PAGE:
To examine the standards of lithium monitoring in eastern Hull following the introduction of a local prescribing framework, we investigated the biochemistry records of patients currently prescribed lithium, identified from primary care computerised records. A survey of patients' knowledge about lithium therapy was also conducted.
Inadequate standards of lithium monitoring were demonstrated, with only 50% of patients having a level recorded during the preceding 3 months. Monitoring of thyroid and renal function was better, with two-thirds of patients tested in the past year. Patients' knowledge of the side-effects and risks of lithium was minimal; only 7 out of 27 patients questioned felt able to identify the signs of lithium toxicity; three-quarters of those surveyed felt they had not been given enough information about their medication.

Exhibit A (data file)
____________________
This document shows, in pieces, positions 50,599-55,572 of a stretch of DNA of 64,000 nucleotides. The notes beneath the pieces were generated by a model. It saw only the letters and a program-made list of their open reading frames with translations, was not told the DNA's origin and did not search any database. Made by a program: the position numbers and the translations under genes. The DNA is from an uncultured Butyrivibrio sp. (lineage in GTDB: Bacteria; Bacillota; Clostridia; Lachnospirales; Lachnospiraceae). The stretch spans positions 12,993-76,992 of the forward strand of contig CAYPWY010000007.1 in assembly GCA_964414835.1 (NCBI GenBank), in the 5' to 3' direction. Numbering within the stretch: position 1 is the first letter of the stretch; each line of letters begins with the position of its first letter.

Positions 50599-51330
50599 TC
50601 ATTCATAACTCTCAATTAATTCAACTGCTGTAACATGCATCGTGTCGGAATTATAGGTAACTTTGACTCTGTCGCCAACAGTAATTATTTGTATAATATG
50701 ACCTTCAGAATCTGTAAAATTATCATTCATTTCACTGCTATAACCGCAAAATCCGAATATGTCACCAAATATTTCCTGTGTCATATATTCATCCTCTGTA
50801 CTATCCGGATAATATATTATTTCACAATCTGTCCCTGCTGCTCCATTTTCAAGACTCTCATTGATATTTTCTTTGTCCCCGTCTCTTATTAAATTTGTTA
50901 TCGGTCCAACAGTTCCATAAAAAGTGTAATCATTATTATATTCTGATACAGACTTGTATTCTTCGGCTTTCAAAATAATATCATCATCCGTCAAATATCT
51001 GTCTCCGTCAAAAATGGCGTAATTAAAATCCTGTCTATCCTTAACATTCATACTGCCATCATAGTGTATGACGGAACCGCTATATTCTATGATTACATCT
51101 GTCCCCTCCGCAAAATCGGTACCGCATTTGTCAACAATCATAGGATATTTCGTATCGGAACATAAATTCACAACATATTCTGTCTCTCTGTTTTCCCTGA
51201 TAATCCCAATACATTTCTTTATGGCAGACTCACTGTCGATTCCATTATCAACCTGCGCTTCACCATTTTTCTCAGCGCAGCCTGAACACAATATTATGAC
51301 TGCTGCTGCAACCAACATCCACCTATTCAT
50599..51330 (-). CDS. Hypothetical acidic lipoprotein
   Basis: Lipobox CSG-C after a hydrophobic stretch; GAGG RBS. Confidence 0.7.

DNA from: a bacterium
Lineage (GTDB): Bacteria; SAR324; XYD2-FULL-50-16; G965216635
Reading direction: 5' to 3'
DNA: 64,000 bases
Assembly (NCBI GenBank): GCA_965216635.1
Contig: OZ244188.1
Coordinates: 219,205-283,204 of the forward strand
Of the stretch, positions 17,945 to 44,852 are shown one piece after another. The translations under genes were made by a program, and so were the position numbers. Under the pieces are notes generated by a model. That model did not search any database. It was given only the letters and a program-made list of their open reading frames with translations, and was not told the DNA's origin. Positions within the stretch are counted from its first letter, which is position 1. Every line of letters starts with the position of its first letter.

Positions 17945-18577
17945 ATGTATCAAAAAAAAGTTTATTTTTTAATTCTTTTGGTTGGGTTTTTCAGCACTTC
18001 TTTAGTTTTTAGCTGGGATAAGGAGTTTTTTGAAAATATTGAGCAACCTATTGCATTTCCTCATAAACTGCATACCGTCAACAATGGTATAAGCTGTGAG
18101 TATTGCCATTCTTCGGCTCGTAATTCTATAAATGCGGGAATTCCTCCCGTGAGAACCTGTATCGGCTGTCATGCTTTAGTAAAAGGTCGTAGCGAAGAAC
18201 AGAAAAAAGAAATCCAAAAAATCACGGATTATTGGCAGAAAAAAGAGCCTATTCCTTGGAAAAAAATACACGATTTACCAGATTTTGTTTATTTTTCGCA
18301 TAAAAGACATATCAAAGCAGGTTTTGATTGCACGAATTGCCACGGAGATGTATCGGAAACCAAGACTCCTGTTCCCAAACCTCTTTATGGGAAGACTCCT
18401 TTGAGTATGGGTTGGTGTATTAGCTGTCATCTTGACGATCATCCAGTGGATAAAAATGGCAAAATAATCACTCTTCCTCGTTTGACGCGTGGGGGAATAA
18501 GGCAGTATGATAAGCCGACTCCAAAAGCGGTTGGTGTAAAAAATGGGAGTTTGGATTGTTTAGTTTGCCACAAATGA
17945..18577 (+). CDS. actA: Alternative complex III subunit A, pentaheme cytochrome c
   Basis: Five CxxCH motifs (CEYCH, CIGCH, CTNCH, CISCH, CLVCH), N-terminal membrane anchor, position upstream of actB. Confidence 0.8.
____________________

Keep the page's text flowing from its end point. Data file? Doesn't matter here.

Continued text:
The introduction of prescribing frameworks or other guidelines does not ensure good practice. Further actions may be needed to ensure lithium is prescribed safely, such as patient registers, monitoring cards and automatic recall systems. Education of patients and primary care staff about the safe use of psychotropic drugs needs to be an ongoing process.
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